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  • Written by Franck Flachenberg

Dignity, equality, violence, death and toilets


The woman on the right is the proud caretaker of a Liberian public sanitation facility with separated toilets and showers for men and women. In a country where up to 77 percent of women say they have been the victim of sexual violence, it is important to minimize the risk of assault. Photo: EC/ECHO/Anouk Delafortrie.

Picture the scene: you urgently need to go to the loo. You look around for the nearest toilet and realise with a sinking heart there is no facility around. Where do you go? What do you do?

How would you feel if you had to go to the toilet out in the open every single day? No privacy, no dignity and nowhere to wash your hands afterwards. Do you feel disgusted? Of course you do. No one should have to live like this.

But this is the stark reality for some 2.5 billion people in the world who do not have access to proper sanitation, including latrines. Almost one-seventh of the world’s population live in urban slums where a lack of access to safe toilets and adequate sanitation is most acute.

Today is World Toilet Day. It’s time to stop being embarrassed about poo and to talk dirty.

It is common knowledge for us that without toilets, human waste can impact an entire community. Open defecation poses serious health risks, particularly to children. Every 20 seconds, a child dies from diarrhoea. More children die from diarrhoea-related disease than from HIV, malaria and tuberculosis combined. This horrendous situation could be remedied by ensuring that everyone has access to improved sanitation and hygiene facilities, including supplies of clean water.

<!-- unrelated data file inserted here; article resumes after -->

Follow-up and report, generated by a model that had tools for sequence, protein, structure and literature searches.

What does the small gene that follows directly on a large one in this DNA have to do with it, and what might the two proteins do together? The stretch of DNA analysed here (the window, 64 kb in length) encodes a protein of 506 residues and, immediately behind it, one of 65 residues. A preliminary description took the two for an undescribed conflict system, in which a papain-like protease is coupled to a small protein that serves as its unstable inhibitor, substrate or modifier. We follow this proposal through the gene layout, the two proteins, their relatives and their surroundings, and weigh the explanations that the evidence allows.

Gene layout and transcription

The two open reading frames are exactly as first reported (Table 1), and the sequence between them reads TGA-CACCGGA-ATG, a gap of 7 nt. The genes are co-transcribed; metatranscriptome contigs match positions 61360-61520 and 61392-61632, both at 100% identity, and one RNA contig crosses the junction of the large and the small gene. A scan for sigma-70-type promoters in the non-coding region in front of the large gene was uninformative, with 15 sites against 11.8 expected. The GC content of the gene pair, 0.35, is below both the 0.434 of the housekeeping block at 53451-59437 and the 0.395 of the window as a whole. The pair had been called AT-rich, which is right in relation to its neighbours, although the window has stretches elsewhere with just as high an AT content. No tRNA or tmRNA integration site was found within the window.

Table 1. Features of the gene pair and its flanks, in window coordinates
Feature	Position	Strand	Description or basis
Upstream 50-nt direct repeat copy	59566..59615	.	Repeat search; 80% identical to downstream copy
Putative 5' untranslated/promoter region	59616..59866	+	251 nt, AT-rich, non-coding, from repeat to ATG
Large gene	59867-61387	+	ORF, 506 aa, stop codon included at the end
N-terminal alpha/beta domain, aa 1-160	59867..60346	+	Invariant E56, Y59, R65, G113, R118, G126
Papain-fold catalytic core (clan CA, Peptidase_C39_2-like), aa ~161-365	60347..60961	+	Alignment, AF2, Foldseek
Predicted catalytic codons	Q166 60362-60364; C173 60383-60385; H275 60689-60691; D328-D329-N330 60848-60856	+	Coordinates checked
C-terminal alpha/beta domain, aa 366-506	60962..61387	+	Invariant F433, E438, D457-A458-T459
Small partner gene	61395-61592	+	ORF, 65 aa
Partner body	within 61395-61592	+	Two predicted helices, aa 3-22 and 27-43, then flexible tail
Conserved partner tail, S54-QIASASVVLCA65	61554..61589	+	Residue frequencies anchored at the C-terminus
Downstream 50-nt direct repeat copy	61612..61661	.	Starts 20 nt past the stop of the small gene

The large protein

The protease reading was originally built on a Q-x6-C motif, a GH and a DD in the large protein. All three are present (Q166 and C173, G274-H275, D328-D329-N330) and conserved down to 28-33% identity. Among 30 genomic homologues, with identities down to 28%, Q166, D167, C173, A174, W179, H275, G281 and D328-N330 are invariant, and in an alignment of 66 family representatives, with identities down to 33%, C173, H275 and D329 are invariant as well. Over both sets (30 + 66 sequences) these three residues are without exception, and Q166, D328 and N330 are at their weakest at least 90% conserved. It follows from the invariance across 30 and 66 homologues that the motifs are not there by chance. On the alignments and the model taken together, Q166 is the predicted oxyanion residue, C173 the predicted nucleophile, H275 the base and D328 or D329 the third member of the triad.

• Written by World and Media

Unreported cuts: 17,000 fewer children under five to die tomorrow

Soraya gets a check up at the local medical health clinic in Parwan Province, Afghanistan. The clinic is funded by the World Bank's Strengthening Health Activities for Rural Poor Project (SHARP). The drops in global child mortality rates since 1990 equate to over 6 million fewer child deaths in 2012. In Afghanistan, it equates to 80,000 fewer deaths last year. Photo: Graham Crouch / World Bank.Since 1990, the proportion of children under five that die each year has nearly halved. According to a recent report from the UN Inter-agency Group for Child Mortality Estimation*, it has dropped by over 50% in all regions except for sub-Saharan Africa and Oceania.

The figures are immense. Despite population growth the number of under-five deaths worldwide has declined from approximately 12.6 million in 1990 to 6.6 million last year. This progress made over 22 years translated to around 17,000 fewer small children dying per day in 2012. Yet, every single day, 18,000 children under age five did die.

These daily totals of deaths – either averted or that could have been averted had there been greater political will – dwarf almost all the suicide bombs, atrocities, accidents, negligence, shootings and abuses that filled the news in the more than two decades since 1990. The 6.6 million that died in 2012 were almost invisible. Programs such as this partnership that cut childbirth deaths in a Sudanese hospital in half are barely reported.

To put these figures in perspective, one could look at mortality rates in conflict-affected countries such as Iraq and Afghanistan. In Iraq the under-five mortality rate still dropped from approximately 45 to 34 per 1000 live births between 2000 and 2012. Last year, there were about 35,000 under-5 deaths but some 11,000 child deaths may have been averted relative to the mortality rate in 2000 and tens of thousands averted over the whole period.

  • Written by Niamh Griffin

Eradication of river blindness in Africa now possible - Sightsavers

Community volunteers in Kaduna State, Nigeria distribute the annual dose of Mectizan® to locals to prevent river blindness. Photo: ©Kate Holt/Sightsavers.River blindness in African countries can be eradicated within ten years according to an international charity working with the disease.

Simon Bush from Sightsavers spoke in Dublin in May to launch a new campaign against the disease, and said it is realistic to speak about eradication now that pharmaceutical companies like MSD are involved. Donations of expensive drugs have allowed NGOs and local health workers to target diseases more effectively than before.

According to Sightsavers around 37 million people are currently infected with river blindness including roughly 300,000 who are already irreversibly blind. Up to 140 million people in Africa are at risk of infection.